DUNCAN MCINTOSH: MAKING CALTRANS SHINE
Graphic Services Chief is improving the District one button at a time.
"As far as I'm concerned, there's no ceiling here at Caltrans," says Graphic Services Manager Duncan McIntosh.
That's certainly true for the District 7 Headquarters Building helipad, where McIntosh elected to be interviewed-highly (no pun intended) fitting for a manager who prides himself on thinking outside of the box.
He also sees himself as an agent of change and is very comfortable with the process. Good thing, because in his 28 years with the Department, McIntosh has seen a lot of it. A second-generation Californian who graduated from Wilson High School in Long Beach and Long Beach State College with a major in Art, he took the Junior Engineering Technician exam in 1979 and was hired by Caltrans in 1980.
While that might seem like an odd direction for someone with a background in drawing and painting (not to mention selling jeans beginning when he was 15 at a pre-Gap store on the Long Beach waterfront), McIntosh says he welcomed it. "They asked me why someone with my background would want to work in engineering. For me it was obvious-to get another perspective and broaden my skills."
McIntosh originally was hired by Traffic Operations but was quickly "loaned out" to Graphics Arts, as it was called then. While there, he often worked with the Operations-based video unit which recognized that "I was more useful there than trying to get me to calculate the volumes of trucks on the freeway," he said. The practice of placing employees where their skills could best be utilized was common at that time, "which was a great way to benefit an individual while also benefiting the Department."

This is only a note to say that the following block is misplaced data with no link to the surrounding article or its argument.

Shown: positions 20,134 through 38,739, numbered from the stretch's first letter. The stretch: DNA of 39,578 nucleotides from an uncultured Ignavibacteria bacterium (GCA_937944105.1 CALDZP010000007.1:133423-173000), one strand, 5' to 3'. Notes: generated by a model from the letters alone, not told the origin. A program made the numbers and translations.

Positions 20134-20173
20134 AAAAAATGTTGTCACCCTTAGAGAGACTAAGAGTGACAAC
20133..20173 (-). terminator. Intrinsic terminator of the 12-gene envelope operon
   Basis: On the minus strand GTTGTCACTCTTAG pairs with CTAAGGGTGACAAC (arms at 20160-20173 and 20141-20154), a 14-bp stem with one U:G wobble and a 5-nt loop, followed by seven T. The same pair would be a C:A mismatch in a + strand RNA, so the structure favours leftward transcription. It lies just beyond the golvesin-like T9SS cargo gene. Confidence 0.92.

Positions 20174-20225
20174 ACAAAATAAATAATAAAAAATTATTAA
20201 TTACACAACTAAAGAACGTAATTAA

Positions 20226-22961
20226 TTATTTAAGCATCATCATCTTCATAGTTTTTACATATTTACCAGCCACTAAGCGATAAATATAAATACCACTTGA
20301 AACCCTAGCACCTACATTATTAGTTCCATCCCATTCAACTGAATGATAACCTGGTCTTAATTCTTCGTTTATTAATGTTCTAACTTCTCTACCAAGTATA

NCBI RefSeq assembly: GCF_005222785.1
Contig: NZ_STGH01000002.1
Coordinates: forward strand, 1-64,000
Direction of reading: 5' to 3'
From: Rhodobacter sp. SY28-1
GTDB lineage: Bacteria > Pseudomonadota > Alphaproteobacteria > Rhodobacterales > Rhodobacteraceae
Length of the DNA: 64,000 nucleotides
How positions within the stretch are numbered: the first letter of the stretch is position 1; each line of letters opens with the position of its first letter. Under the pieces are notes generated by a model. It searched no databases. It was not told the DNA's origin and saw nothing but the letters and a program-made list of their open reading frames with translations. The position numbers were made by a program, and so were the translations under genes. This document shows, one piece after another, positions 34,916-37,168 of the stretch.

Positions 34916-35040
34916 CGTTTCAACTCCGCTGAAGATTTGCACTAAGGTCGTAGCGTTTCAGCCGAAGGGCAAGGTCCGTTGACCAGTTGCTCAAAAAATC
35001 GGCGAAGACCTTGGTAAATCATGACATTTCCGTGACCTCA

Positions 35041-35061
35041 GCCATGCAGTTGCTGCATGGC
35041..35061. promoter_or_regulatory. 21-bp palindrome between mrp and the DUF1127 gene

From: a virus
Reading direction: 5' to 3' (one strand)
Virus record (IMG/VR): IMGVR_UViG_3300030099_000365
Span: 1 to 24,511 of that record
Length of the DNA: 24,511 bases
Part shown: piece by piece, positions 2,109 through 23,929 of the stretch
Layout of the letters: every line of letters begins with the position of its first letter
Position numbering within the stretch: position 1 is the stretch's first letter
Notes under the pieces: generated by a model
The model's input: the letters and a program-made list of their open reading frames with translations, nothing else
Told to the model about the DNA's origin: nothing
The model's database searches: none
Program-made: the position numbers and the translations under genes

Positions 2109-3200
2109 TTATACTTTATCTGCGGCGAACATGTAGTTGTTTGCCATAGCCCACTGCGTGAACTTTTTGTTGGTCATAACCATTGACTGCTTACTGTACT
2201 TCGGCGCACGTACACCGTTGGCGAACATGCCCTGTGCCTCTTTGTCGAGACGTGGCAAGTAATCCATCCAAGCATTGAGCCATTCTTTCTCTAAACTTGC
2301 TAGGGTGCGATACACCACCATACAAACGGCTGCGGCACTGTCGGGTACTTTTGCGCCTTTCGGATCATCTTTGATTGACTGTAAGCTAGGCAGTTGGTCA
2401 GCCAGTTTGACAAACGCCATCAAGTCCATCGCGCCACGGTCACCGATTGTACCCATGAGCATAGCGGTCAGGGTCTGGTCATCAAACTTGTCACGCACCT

With the wide experience he gained in the video unit and the mentoring he received there, he soon passed the Audio Visual (AV) exam. An opening in Graphics brought him in as an Audio Visual Assistant working under supervisor Otto Poehm, an accomplished photographer and one of McIntosh's mentors. "When he retired, people just assumed that I was a photographer too, so I was forced to become one."
And that's how he landed the role for which he is possibly best known in the District. McIntosh became the "Governor's photographer" accidentally, he said. Then-Governor Pete Wilson was coming to Los Angeles for an event and his regular photographer was unable to be there. Someone knew someone who knew McIntosh, and he was invited to do the shoot. "Apparently I didn't screw up too much, so they began calling me whenever he needed a photographer in L.A.'\," McIntosh said.
Through relationships with people in subsequent administrations, he also took pictures for Gray Davis and is often called to photograph events for Governor Schwarzenegger. McIntosh downplays his significance to the Governor, however. "For me it's the 'serve' in civil servant," he says, "although he did empower me to wear cowboy boots."
Between the Davis and Schwarzenegger administrations, a lot more changed than parties, he added. "Gray Davis was all film photography; very little was digital. My whole life changed in a matter of months." Where he formerly would shoot 10 roles of film and be finished, he now spends hours involved in digital processing.